Text To 911

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text-to-911_call_if_you_can_logoOn February 4, 2015 the Evanston 9-1-1 Communications Center began accepting text 911 messages. This means that AT&T, Sprint, T-Mobile and Verizon customers living in or traveling through Evanston may be able to use their mobile phones to send a text message to 9-1-1 for emergency help.

Evanston is the fourth 9-1-1 communications center in Illinois, first on the North Shore, to accept text 9-1-1 messages which are extremely beneficial for those in the community with speech or hearing impairments.

Texting 9-1-1 is an option – only when unable to call. A voice call is the preferred, most efficient way to access emergency services.

Contained in the first text message should be the precise location as well as nature of the emergency. Dissimilar to voice calls; emergency call takers will not be able to determine location or expeditiously ascertain location information from the customer. Abbreviations and slang should not be used.

If a text to 9-1-1 is not answered in a timely manner, customers should not hesitate to place a voice call to 9-1-1.

Evanston 9-1-1 Communications Center Text To 9-1-1 Guideline For Citizens

Call if you can, text if you can’t.

Can I send a text to 9-1-1?

Yes. Cellular customer living in or traveling through Evanston may be able to use their mobile phones to send a text message to 9-1-1 for emergency help.

Only text to 9-1-1 when a voice call is not an option (if you are hearing/speech impaired or need to be quiet in a potentially dangerous situation e.g. kidnapping, domestic violence, hostage situation) and for emergencies that require an immediate response from: Police, Fire, or Emergency Medical Service (EMS). For Police non-emergencies, please call 847-866-5000.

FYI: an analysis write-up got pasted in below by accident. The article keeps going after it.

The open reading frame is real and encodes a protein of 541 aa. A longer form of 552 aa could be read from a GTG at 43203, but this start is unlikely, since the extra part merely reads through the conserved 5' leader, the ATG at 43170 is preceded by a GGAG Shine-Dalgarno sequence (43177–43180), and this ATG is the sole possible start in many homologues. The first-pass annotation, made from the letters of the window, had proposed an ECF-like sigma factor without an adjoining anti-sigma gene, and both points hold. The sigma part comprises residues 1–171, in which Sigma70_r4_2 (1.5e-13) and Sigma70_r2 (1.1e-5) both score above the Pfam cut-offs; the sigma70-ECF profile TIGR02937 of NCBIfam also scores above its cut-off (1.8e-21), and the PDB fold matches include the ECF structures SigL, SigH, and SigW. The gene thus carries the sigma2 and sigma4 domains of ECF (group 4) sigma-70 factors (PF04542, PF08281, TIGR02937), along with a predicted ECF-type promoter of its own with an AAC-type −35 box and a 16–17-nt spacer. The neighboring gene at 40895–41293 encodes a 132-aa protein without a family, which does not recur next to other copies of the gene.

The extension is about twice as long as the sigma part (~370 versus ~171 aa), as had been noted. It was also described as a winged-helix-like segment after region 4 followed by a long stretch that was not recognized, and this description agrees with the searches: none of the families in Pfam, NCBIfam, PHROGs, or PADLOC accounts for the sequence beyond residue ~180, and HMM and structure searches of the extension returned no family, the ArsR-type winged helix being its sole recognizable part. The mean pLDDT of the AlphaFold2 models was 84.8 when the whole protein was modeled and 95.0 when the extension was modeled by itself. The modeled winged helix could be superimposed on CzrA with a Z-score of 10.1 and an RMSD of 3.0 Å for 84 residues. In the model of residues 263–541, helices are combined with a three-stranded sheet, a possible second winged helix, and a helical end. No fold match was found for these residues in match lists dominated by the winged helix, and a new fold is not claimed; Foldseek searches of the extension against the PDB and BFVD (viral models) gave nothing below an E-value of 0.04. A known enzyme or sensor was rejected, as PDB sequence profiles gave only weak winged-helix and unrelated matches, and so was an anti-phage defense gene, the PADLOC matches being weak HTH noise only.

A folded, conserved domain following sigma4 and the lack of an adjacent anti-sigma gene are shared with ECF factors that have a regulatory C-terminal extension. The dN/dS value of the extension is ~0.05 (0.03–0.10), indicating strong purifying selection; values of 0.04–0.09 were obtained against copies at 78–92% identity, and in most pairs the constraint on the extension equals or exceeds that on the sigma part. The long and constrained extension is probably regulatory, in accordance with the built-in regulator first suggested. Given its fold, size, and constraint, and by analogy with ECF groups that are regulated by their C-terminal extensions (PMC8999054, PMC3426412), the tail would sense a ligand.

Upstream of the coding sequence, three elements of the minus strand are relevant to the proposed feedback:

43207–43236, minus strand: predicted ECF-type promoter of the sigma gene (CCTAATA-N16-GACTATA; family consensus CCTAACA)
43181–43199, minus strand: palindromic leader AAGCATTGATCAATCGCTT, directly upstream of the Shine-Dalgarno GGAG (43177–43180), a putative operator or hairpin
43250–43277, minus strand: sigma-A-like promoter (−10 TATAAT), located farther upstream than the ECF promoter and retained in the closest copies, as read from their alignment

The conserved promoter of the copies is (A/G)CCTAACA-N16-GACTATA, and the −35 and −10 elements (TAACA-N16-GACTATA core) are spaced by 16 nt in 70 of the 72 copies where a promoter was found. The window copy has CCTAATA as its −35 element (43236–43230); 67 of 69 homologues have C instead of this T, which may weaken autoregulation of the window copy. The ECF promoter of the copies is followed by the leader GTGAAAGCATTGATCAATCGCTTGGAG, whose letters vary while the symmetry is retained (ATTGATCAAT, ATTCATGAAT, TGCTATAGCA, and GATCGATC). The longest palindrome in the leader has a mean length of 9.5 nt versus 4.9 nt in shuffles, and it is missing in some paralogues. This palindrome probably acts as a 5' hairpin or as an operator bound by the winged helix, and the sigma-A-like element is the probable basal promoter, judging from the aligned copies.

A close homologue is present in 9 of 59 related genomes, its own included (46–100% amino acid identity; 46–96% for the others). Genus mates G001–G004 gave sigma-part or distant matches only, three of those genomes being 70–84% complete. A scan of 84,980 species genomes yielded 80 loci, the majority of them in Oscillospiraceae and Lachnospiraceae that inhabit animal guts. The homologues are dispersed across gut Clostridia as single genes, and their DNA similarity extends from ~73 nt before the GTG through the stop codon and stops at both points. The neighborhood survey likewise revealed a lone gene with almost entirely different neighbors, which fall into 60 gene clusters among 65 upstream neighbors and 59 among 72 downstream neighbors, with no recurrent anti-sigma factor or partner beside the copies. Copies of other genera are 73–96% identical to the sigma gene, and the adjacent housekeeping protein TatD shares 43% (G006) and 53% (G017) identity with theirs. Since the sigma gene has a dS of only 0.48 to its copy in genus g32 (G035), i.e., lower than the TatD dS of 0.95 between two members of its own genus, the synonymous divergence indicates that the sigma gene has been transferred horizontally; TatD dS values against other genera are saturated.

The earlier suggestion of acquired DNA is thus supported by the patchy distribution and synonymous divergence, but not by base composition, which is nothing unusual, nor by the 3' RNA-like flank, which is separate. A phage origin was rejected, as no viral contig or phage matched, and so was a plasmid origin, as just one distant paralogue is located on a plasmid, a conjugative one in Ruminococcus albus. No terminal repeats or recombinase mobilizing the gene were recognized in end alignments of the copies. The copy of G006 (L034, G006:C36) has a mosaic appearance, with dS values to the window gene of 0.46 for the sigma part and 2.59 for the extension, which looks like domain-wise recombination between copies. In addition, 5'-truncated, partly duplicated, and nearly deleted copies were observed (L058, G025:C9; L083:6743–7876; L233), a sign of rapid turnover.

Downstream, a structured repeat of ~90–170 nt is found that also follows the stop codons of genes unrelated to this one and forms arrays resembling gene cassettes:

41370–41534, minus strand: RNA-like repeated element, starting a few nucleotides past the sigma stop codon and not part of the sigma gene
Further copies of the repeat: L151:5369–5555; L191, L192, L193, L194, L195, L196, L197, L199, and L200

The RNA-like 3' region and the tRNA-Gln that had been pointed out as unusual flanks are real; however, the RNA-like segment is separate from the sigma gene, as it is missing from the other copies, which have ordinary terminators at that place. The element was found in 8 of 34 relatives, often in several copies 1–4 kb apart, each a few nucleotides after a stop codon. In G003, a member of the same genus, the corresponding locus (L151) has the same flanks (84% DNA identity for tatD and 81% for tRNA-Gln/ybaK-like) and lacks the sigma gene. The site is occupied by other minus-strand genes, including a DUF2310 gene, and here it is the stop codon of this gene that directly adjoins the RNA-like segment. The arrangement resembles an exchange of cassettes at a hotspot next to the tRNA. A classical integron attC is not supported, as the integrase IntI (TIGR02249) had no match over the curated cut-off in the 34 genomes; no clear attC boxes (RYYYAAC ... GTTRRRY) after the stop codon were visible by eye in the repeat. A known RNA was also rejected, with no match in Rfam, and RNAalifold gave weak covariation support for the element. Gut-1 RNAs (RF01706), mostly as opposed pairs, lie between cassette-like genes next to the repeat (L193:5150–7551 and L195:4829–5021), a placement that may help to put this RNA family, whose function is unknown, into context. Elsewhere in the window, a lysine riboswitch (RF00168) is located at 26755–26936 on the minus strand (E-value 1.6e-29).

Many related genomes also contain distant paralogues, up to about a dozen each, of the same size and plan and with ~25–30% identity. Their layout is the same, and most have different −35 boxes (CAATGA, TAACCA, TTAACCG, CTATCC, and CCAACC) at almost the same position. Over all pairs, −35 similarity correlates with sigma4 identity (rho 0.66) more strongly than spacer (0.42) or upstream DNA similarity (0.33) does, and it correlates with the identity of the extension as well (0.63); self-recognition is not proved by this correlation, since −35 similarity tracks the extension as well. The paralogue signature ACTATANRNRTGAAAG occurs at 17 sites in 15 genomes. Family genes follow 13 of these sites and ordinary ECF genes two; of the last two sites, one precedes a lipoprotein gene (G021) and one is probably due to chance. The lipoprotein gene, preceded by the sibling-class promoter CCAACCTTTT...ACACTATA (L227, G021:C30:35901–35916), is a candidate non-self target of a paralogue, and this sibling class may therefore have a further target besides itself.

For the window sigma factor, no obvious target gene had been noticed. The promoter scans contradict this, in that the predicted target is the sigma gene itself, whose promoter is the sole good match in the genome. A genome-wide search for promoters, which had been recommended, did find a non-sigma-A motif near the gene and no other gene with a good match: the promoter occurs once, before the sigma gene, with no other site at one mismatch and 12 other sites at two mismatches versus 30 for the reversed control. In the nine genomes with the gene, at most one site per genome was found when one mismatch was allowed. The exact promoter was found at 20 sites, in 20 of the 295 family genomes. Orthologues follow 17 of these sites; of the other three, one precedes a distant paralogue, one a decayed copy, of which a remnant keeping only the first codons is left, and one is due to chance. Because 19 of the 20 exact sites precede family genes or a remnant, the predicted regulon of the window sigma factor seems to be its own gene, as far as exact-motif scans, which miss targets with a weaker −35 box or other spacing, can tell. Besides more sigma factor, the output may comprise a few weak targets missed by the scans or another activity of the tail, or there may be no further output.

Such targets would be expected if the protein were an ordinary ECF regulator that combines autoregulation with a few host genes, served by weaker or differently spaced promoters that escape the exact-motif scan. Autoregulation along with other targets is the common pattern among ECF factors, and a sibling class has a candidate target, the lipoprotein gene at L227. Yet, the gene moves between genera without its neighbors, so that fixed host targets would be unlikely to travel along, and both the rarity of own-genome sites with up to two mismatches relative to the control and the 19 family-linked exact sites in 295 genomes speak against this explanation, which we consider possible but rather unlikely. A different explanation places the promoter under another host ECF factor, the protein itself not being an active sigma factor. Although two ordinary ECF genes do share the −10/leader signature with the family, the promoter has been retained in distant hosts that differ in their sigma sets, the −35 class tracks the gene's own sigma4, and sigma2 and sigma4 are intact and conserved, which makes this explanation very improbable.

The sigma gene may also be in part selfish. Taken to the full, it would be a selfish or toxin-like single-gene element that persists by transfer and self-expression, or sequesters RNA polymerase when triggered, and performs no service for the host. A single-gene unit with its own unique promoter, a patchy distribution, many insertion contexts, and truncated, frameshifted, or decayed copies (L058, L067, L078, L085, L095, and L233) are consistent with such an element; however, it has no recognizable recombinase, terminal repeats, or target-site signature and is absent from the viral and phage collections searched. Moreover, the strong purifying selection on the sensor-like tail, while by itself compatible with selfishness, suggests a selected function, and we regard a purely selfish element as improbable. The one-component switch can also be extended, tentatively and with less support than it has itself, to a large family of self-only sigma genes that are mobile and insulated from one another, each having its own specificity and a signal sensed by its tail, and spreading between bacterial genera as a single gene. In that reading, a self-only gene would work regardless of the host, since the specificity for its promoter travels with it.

How to text 9-1-1 in an emergency:

  • Enter the numbers “911” in the “To” field;
  • Always provide your exact location and the nature of the emergency in your initial message;
  • Push the “Send” button.
  • Be prepared to answer questions and follow instructions from the 9-1-1 call taker.
  • Avoid text abbreviations or slang (e.g. IDK THX, 2day, BTW).
  • Keep text messages brief and concise.

Below are a few things to know if you need to text 9-1-1:

  •  In the event that you do not know where you are, current technology does not deliver exact location, call takers will continue to depend on you to provide that critical information.
  • Reporting an emergency by text may actually take longer than a voice call.
  • Text messaging is considered a “best effort” service and there is no guarantee a text message will be sent, delivered or received in a timely manner.
  • Text to 9-1-1 may not be available if you are roaming.
  • You must have a mobile phone that is capable of sending text messages and subscribe to a texting plan through your wireless carrier.
  • If texting to 9-1-1 is not available in your area, or is temporarily unavailable, you will receive a message indicating that texting 9-1-1 is not available and to contact 9-1-1 by other means.
  • Photos and videos cannot be sent to 9-1-1 at this time.
  • If you accidently send a text to 9-1-1, be sure to follow it up with another text or voice call to let the call taker know it was an accident and that there is no emergency.